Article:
Through her passion for reading, 10-year-old Maddie Gath, of Dracut, worked to create Maddie’s Little Free Library. The book-sharing box was stolen
Through her passion for reading, 10-year-old Maddie Gath, of Dracut, worked to create Maddie's Little Free Library. The book-sharing box was stolen from Long Pond Drive in Dracut on Friday. PHOTO COURTESY OF JENNIFER GATH

DRACUT -- The idea was pursued by 10-year-old Maddie Gath because of her love of reading and a desire to share that passion with others.

So it was built: Maddie's Little Free Library -- a cleverly designed box full of books for kids, from Jeff Kinney's "Diary of a Wimpy Kid," to the more adult-oriented Stephen King classic "Pet Sematary," for example.

Take a book or leave a book, the miniature book-sharing station placed alongside the road offered books for all.

However, Maddie's acts of kindness and community awareness were swiftly dashed by what appears to be an act of selfishness. Her little library was stolen, along with the books, from Long Pond Drive on Friday afternoon.

Maddie got the idea for the little library -- which are dotting communities across the country -- while visiting her aunt's home in California.

The book station was built while Maddie and her family lived at 81 Gilmore St. in Dracut, where the library was originally located.

"My husband (Bill) built it to look just like our garage," said Jennifer Gath, Maddie's mother.

T-shirts advertising Maddie's creation were made, along with a Facebook page, with roughly 170 members, to keep an update of new submissions.

But when the Gath's moved to another part of town, they had to find a new home for the book-sharing station. Jennifer points out the new home on Mammoth Road had too much traffic, preventing a safe spot for the book station.


Enter fellow Dracut residents, Vallery Miller and 9-year-old daughter Kelsie, who offered to take the little library to their home on Long Pond Drive.

Kelsie was excited at the opportunity to take over where Maddie left off.

"People have been using it in the past week when they've been out for walks," Vallery said. "They've been stopping and taking a few books, or dropping off a couple here and there."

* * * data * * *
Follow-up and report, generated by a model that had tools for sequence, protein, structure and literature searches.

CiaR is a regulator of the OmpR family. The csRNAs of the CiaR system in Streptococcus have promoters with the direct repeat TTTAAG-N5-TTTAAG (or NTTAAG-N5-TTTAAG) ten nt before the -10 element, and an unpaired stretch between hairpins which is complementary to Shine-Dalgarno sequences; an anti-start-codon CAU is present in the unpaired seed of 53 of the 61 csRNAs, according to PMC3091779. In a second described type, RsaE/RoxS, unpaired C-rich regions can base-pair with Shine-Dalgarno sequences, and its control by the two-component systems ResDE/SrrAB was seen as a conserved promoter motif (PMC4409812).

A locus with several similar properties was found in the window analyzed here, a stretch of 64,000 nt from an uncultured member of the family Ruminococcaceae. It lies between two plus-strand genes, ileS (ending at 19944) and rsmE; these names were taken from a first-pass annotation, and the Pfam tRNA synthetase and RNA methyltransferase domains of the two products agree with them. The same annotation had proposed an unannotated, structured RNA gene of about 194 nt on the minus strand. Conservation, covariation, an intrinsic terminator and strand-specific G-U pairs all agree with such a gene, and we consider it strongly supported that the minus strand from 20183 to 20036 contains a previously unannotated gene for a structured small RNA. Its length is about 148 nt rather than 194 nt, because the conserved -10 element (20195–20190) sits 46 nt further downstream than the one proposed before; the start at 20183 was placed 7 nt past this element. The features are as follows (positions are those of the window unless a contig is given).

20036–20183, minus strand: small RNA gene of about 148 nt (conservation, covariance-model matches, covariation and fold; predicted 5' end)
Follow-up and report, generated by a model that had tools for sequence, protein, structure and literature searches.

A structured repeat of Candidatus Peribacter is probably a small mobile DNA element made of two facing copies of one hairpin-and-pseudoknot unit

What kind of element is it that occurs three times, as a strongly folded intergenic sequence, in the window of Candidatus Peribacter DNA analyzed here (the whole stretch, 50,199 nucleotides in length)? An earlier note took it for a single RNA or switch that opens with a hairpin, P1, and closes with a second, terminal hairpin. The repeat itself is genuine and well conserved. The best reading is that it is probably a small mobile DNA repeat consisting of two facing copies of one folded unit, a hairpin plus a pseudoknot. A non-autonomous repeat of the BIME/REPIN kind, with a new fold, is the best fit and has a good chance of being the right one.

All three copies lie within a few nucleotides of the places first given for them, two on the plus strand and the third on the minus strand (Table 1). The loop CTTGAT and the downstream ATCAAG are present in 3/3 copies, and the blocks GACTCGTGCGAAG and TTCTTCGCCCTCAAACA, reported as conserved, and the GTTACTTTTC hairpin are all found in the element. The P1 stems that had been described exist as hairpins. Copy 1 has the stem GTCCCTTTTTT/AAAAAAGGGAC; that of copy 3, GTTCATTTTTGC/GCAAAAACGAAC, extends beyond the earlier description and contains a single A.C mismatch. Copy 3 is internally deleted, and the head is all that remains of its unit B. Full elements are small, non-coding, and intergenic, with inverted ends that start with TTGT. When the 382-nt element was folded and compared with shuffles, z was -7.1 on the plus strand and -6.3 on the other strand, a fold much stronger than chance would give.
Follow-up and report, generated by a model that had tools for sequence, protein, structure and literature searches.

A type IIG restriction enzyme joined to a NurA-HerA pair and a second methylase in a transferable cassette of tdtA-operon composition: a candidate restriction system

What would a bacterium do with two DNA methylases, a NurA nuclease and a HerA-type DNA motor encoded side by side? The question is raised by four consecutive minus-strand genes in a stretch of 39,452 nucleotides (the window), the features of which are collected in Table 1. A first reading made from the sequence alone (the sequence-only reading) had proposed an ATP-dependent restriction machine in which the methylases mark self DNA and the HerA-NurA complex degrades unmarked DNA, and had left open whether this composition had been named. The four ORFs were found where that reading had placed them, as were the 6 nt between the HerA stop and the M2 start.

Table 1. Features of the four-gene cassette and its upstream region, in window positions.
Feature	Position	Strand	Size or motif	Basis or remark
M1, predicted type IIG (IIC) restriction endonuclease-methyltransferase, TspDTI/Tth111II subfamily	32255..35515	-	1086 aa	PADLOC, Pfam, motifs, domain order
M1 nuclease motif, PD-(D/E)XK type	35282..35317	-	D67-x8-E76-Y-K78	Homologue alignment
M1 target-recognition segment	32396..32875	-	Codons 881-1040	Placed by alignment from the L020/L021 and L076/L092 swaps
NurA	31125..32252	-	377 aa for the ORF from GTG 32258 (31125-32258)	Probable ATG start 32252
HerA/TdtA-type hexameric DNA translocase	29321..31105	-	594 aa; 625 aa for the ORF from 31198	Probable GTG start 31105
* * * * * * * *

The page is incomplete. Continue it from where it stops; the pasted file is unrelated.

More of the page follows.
Kelsie was in the midst of planting a garden around the little library, placed three feet away from the road, under a tree in their front yard. According to her mother, the 9-year-old had plans to set up a lemonade stand and a seating area nearby.

Those plans were dashed when returning home Friday afternoon. After picking the children up from school, Vallery noticed Maddie's Free Little Library had vanished.

A frantic search and a few drives through the neighborhood ensued. The library was gone without a trace.

Kelsie was devastated, and, of course, Maddie who had plans to visit her library creation, was heartbroken.

A neighbor has told Vallery that she witnessed a black car (unsure on the model) stop and steal the library, but the leads are slim.

The distraught mother said she had put off calling the Dracut police. With the days passing without a sign of the book station's return, she decided to finally make that call Monday.

Despite pursuing a report with police, Vallery said she is still willing to accept the little library back without involving law enforcement any further.

Her message for the thief: "Just bring it back."

"You can say you thought it was free. You can be lying to me, I don't even care," Vallery said. "I just want it back."

Follow Aaron Curtis on Twitter @aselahcurtis